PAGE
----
Contemporary Photography in France: Between Theory and Practice
Leuven University Press, Leuven, BE, 2022
230 pp. illus. 32 pp. in full colour. Paper, €45.00
Does it still make sense to study photography in national terms in an era where most cultural practices have become transnational, if not global, certainly in the case of language-insensitive media such as photography? And if so, how is it possible to do it in ways that do not simply return to outdated models of nationalism? And how to interpret the fact that French photography (and French art in general) is no longer strongly visible on the international scene, despite the worldwide success of some theoreticians and a (very small) number pf practitioners? Focusing on the transformations of photography in France since the 1970s, with the oil crisis of 1973 as a turning point in the economic and political history of the country, this book gives a nuanced yet clear answer to all these questions.
According to Olga Smith, the (relative) international absence of French photography is not the outcome of cultural navel-gazing or excessive public support for exclusively French material or, worse, of the age-old French resistance to all things American. It results instead from the difficulty of matching the way in which French photography is produced as well as critically framed with the current hegemonic protocols of making, reading, and using photography. Although exceptionally funded by the French state, here the main stakeholder in the field, and no less internationally oriented than in previous decades, French photography has been part since the 1970s of a different history, which hinders its integration in the larger discourses on photography that have been dominating the international scene since many years. Think for instance of the confusion raised by the divergent interpretations of concepts such as modernism and postmodernism in Anglo-Saxon and Francophone scholarship (the work of the postmodern Lyotard, for example, is not at all the logical continuation of that of the modernist Greenberg) or the dissimilar relationships between art history and photography by those using French theory in the United States and what the same French theoreticians had to say on photography in France, where the focus is less on photography as a medium, that is as a medium-specific practice, than on the uses of photography (a good example here are the misunderstandings engendered by the reflection on photography as “tableau” in the work of Jean-François Chevrier, which cannot be reduced to an attempt to redefine medium-specificity but hints at the material presence of photography in museums and galleries).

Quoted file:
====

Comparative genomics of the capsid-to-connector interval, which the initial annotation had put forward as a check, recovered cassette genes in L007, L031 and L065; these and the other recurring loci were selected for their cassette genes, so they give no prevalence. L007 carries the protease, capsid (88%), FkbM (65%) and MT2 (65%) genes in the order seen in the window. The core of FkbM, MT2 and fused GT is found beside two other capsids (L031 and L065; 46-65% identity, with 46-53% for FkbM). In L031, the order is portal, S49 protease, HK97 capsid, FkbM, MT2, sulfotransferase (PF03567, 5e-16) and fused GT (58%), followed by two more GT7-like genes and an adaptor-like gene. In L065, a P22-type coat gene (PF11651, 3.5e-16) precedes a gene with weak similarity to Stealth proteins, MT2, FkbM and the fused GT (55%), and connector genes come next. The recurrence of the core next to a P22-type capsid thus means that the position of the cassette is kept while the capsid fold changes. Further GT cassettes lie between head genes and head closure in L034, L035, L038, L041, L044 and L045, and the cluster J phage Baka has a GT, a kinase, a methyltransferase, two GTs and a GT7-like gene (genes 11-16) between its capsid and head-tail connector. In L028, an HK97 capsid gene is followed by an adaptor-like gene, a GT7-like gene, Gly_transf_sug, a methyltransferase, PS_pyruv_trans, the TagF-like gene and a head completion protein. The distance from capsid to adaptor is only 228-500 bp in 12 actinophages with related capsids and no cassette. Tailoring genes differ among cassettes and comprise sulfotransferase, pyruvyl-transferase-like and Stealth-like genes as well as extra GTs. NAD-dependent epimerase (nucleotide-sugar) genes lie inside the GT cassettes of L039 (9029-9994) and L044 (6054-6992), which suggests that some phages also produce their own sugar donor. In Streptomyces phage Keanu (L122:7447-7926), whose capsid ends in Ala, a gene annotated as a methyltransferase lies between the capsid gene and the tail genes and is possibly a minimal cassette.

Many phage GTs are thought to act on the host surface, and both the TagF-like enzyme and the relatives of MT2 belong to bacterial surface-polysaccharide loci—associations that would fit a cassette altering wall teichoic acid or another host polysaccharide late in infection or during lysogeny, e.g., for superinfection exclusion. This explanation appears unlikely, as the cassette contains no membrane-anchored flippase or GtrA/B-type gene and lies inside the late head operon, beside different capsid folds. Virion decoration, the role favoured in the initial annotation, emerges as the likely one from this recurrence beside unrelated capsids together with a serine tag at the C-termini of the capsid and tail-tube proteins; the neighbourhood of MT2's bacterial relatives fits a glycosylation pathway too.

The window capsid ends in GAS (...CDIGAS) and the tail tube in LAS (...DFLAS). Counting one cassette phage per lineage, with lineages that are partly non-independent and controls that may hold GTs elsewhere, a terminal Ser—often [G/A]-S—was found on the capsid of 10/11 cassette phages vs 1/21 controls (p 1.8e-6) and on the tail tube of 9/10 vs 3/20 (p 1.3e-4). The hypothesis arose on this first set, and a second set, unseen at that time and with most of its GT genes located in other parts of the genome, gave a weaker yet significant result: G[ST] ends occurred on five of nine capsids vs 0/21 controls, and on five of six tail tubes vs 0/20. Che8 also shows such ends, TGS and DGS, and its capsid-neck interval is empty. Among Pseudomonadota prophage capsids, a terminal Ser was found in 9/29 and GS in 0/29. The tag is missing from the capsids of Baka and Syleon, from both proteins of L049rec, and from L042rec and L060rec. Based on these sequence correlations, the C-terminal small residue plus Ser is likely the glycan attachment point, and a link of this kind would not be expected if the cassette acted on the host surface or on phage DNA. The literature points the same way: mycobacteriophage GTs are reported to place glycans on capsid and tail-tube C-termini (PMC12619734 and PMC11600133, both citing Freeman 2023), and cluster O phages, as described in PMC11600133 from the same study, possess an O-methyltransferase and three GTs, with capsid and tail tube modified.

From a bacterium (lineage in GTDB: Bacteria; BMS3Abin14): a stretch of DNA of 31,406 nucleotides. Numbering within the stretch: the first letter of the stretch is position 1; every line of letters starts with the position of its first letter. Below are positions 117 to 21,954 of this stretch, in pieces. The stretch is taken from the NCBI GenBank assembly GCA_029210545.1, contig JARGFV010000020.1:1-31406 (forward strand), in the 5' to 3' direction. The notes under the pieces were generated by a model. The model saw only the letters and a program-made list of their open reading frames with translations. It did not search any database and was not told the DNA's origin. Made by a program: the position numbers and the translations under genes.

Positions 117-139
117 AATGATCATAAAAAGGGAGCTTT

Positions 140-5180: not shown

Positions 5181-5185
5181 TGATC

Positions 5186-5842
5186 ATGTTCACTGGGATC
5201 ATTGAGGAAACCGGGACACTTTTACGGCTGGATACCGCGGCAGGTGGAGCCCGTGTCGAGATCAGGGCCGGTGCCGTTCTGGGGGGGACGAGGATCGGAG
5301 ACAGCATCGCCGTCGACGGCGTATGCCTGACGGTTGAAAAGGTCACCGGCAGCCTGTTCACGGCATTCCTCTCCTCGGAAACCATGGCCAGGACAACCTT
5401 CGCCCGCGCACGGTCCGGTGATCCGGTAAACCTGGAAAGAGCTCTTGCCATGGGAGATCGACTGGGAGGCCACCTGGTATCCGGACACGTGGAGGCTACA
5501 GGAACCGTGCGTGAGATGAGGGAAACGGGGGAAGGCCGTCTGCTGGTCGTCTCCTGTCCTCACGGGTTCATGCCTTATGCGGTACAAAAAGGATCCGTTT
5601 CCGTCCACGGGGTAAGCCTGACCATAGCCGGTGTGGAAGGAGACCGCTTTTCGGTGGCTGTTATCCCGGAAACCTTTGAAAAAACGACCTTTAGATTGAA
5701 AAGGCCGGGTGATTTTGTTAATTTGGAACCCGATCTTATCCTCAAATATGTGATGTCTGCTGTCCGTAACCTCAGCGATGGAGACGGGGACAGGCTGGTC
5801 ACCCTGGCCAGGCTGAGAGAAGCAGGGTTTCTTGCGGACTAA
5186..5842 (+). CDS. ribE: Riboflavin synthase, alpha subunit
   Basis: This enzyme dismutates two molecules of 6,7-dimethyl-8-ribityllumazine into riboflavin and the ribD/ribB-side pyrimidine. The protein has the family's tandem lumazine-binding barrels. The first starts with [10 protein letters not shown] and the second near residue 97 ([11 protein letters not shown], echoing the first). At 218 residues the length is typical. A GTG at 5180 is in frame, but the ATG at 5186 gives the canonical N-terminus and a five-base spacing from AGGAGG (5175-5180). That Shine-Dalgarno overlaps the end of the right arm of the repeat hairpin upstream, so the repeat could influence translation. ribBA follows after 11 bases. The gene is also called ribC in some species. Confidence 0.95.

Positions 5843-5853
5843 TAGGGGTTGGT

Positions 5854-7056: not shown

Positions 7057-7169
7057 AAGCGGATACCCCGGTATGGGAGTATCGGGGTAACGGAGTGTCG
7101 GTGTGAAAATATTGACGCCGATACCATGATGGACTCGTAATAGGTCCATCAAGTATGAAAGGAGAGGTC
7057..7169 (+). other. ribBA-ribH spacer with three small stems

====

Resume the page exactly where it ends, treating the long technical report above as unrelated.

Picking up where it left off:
The ambition of this book is twofold. First, it proposes a new history of recent French photography that tries to go beyond traditional historiographies, still strongly determined by art-historical and institutional concerns. Second, it shows that this new approach can also enrich our views on photography in general. In both cases, however, the approach is nonpolemical. Art history remains a decisive dimension and the book traces back with great clarity the battle for cultural legitimacy. At the same time, Smith also avoids all forms of debunking of the presently dominating discourse on photography. Throughout the book, there is a sound defense of an enlarged approach of photography, opening new paths rather than pitching one discourse against another.